Alumnus Spotlight: Kai Yeung
Over the past 27 years, nearly 200 student pharmacists have taken part in our summer internships. We're pleased to highlight our intern alumni in this reoccurring feature.
Name: Kai Yeung, PharmD, PhD
Current Title: Scientific Investigator I, Kaiser Permanente
Internship Program: AMCP Foundation/Allergan Specialized Summer Internship Program in Health Outcomes
Kai Yeung, PharmD, PhD, is a pharmacist and pharmaceutical economist with expertise in patient medication-use behaviors, insurance design, and outcomes research. His objective is to develop and evaluate incentives to encourage high-value use of health care services. Dr. Yeung has conducted research evaluating policies focused on specialty drug access, value-based insurance design, the consequences of insurance switching, and financial incentives. He combines applied econometric and cost-effectiveness analysis tools with a clinical understanding of prescription drugs and health insurance design to gain new insights in these areas.
What does a typical day look like?
My work is primarily research. I spend my time thinking, writing research grant proposals, conducting analyses, interpreting and disseminating results. When I am not engaged in these personally, I am leading/collaborating/mentoring other research team members to do the same. In terms of setting, it looks like typical office work. In terms of hours, I have a highly flexible and but demanding hours. The flexibility comes from the fact that I can select my research projects and how I want to conduct them. The demand comes from needing to obtain sufficient grant funding to support my research and also since I find the work fascinating, I can spend many hours on my projects.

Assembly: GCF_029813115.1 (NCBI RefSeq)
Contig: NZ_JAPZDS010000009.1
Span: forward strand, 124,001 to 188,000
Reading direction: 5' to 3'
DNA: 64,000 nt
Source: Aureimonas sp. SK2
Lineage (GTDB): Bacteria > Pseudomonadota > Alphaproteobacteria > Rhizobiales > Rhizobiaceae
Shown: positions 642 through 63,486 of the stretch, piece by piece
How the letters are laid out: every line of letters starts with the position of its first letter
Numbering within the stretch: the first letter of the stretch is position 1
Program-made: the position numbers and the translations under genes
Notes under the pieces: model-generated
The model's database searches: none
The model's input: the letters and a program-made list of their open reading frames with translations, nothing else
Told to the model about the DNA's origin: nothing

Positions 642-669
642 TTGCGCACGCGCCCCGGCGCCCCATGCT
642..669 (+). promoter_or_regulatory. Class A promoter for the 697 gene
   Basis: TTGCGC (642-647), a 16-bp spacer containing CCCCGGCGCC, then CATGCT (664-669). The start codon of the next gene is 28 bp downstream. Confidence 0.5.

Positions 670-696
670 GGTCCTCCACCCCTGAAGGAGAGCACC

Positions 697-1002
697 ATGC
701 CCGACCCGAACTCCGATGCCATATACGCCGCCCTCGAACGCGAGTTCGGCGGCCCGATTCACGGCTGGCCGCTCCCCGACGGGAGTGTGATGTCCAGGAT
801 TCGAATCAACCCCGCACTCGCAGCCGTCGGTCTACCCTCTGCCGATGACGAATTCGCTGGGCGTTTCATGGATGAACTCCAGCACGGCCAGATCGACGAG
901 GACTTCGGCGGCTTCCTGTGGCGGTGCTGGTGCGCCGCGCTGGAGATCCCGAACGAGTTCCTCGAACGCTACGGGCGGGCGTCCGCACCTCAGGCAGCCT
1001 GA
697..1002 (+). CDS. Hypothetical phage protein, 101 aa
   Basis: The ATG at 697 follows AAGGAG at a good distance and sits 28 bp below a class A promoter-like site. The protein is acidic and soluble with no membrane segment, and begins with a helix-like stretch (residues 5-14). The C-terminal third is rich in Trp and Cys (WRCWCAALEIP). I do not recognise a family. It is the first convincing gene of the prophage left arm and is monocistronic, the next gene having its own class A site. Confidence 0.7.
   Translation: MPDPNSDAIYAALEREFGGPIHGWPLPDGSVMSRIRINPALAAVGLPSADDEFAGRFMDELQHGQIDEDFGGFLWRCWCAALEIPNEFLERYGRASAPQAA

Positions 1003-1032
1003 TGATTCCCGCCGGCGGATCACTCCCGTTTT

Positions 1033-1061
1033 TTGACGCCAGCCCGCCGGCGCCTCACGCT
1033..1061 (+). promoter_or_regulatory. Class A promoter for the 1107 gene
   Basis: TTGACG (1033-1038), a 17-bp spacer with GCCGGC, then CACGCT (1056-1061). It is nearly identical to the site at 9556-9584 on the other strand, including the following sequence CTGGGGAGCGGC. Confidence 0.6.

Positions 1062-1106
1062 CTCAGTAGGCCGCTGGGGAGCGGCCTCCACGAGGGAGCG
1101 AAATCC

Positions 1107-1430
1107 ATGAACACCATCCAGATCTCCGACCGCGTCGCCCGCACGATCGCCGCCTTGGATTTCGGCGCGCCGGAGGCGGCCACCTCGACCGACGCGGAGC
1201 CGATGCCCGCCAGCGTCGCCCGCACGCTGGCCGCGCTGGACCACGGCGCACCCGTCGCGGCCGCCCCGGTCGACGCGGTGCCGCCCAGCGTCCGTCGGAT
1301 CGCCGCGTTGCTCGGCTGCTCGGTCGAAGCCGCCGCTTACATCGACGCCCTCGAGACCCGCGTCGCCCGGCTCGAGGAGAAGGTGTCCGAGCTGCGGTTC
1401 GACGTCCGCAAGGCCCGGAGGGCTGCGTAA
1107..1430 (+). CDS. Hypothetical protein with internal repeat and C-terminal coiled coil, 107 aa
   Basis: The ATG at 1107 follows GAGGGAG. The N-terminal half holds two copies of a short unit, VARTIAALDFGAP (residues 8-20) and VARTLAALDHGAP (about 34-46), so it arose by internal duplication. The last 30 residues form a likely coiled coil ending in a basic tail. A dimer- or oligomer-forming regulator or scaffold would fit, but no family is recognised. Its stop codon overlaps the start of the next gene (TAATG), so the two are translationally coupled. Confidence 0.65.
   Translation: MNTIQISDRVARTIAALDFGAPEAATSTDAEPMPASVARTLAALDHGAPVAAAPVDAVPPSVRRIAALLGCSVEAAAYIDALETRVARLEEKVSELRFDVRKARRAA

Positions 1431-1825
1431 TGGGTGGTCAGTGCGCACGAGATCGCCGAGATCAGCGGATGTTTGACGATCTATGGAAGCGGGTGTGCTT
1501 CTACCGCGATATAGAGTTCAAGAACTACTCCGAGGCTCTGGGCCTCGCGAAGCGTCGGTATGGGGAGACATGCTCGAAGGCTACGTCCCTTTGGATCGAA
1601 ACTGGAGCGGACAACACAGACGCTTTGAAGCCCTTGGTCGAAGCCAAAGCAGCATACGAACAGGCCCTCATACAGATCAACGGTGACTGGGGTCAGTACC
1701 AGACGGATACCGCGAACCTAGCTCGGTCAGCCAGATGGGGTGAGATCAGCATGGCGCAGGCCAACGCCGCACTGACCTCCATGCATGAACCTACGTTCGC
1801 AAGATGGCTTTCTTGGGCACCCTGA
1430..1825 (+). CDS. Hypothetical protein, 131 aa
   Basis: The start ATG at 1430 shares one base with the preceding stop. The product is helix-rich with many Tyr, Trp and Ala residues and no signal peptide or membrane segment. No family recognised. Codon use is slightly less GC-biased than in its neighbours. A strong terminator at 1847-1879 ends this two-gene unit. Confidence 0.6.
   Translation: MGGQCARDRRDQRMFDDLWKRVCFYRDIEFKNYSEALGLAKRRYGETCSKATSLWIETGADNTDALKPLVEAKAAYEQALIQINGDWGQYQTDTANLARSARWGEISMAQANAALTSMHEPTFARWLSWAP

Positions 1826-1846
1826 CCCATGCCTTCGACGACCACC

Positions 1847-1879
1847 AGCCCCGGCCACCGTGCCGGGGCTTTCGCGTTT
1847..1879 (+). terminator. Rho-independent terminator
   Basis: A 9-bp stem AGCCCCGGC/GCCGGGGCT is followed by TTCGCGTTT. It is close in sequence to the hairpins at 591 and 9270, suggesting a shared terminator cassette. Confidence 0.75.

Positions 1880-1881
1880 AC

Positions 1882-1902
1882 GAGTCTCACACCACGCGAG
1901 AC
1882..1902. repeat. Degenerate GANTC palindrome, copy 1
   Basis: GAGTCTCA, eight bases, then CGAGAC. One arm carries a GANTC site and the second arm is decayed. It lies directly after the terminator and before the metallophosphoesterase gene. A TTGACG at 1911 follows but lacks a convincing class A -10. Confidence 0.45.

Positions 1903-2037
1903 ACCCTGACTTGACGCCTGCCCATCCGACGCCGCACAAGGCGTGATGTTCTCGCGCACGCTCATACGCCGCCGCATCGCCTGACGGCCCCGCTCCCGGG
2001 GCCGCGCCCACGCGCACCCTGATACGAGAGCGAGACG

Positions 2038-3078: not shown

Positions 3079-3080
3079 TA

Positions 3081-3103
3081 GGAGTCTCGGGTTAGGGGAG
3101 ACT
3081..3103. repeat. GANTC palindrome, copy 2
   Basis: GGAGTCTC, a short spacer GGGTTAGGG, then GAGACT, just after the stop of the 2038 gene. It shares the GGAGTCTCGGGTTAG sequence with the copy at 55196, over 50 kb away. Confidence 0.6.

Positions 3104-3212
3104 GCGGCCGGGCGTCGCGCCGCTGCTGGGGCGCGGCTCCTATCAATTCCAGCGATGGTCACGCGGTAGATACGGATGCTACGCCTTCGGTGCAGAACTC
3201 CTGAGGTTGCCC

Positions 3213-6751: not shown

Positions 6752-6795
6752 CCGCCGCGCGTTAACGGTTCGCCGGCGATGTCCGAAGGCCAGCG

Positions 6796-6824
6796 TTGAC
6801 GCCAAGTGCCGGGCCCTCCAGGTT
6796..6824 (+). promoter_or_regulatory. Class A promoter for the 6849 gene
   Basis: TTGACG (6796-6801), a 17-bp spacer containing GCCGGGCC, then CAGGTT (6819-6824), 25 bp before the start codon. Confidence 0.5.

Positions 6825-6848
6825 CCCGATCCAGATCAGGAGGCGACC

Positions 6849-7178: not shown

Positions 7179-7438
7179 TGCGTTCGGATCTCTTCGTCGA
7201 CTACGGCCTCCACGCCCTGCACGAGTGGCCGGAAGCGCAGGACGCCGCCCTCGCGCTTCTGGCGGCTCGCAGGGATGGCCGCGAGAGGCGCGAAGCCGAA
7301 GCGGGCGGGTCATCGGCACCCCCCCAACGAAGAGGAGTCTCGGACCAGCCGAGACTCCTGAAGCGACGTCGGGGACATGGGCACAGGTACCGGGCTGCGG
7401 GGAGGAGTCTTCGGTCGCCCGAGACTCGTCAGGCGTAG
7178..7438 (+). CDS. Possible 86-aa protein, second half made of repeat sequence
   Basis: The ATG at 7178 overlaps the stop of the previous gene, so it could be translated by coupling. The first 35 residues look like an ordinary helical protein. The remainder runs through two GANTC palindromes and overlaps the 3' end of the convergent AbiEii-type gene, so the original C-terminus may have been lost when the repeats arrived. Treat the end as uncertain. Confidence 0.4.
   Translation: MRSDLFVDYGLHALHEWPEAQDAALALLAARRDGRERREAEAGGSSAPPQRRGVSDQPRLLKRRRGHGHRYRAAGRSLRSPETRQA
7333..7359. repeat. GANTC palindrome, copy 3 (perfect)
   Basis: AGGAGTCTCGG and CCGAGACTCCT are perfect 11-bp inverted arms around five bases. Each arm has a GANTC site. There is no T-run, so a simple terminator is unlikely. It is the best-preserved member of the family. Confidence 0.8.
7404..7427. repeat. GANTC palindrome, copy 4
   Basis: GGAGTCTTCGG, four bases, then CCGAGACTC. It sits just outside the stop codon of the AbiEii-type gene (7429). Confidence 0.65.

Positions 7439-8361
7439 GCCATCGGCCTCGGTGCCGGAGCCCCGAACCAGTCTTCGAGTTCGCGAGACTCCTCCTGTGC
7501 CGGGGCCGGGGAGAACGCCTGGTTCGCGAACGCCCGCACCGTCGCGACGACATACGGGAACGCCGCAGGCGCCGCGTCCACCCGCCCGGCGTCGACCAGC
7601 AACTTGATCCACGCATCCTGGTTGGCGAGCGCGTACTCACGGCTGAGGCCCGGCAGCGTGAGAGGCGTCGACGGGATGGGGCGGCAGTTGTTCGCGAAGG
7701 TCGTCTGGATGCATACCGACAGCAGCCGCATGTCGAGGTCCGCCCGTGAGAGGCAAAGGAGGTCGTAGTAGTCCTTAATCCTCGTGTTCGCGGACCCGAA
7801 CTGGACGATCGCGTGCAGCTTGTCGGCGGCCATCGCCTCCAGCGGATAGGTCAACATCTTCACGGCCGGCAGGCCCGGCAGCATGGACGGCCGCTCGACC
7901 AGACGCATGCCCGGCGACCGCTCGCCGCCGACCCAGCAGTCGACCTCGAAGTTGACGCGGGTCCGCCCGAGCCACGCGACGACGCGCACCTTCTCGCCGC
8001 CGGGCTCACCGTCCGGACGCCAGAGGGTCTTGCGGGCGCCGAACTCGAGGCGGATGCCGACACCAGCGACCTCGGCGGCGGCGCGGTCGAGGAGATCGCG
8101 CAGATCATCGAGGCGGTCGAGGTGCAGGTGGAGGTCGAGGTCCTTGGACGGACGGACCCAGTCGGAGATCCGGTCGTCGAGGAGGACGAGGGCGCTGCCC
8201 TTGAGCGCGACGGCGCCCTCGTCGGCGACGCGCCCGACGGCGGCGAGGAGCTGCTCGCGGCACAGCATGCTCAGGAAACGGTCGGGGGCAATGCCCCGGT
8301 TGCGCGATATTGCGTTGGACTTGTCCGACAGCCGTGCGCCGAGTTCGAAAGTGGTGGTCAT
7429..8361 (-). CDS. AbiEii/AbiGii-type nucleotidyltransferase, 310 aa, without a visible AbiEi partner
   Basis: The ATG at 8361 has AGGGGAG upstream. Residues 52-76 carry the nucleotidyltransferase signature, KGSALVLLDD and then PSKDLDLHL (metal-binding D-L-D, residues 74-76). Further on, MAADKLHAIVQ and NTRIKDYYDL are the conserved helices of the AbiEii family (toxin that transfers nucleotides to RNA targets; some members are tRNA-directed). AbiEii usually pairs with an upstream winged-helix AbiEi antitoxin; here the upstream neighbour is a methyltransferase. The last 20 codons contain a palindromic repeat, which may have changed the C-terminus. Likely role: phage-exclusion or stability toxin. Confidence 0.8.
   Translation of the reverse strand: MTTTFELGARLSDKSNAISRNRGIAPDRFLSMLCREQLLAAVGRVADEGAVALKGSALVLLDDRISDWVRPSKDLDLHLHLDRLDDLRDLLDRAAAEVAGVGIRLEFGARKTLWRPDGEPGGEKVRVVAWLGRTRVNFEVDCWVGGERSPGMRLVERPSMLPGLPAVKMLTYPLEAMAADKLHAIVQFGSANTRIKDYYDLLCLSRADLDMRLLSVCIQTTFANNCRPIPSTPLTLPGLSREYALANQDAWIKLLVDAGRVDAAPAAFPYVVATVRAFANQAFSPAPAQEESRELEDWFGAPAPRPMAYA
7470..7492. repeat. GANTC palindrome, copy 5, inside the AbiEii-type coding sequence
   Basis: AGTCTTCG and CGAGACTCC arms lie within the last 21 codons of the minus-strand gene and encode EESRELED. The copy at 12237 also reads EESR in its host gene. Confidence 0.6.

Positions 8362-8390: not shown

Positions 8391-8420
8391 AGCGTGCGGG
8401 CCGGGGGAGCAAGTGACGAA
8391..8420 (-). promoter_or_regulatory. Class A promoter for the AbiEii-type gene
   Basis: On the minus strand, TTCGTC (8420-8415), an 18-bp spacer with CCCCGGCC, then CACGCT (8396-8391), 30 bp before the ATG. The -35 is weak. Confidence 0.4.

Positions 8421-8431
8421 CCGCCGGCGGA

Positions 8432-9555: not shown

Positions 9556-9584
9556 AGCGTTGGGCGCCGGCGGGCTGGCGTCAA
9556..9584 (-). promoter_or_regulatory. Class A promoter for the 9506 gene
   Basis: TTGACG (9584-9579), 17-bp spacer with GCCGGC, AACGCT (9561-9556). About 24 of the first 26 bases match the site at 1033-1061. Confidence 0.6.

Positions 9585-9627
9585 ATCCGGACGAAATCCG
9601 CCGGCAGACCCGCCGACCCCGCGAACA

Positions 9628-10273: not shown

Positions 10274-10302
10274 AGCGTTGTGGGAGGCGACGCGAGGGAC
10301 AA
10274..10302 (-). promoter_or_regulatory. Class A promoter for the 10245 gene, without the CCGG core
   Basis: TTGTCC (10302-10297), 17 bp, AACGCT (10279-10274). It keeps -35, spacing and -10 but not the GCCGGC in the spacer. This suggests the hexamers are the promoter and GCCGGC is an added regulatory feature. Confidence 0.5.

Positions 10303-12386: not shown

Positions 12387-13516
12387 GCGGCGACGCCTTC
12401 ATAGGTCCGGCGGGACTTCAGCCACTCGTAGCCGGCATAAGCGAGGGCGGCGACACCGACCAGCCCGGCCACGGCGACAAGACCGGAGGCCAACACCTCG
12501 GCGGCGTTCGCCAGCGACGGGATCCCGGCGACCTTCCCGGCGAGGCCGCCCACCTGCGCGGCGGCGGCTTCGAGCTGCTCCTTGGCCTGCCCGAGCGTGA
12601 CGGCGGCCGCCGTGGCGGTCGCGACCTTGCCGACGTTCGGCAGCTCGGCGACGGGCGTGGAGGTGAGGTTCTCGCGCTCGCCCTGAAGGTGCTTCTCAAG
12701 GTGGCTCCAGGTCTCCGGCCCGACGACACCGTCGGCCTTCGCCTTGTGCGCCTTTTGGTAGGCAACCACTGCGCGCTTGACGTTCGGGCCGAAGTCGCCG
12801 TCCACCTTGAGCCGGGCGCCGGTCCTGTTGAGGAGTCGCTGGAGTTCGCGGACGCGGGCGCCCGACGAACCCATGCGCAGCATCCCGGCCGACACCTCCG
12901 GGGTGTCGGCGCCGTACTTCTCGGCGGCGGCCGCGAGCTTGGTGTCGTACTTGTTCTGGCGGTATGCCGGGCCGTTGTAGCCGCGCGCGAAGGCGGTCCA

What types of managed care practices do you use in your work?
Having a deep understanding of benefit design, formularies and the pharmaceutical market overall is critical to my research.
How did the Foundation Internship prepare you for your career?
It was my first exposure to the managed care world and to pharmacoeconomics. In addition to conducting my project at Allergan, I spent time reading a seminal book in pharmacoeconomics “Methods for the Economic Evaluation of Health Care Programmes.” This gave me a solid grounding in how to think about pharmacoeconomics. I also spent time sharing our mutual learnings with the other Foundation intern.
Anything else you’d like to add?
Pharmacy school is a great time to explore different aspects of the profession. Try as many different things as you can. I encourage you to explore managed care; it is really fun and interesting part of the pharmacy world.
Originally published in the Nov. 2019 AMCP Foundation Insights e-newsletter.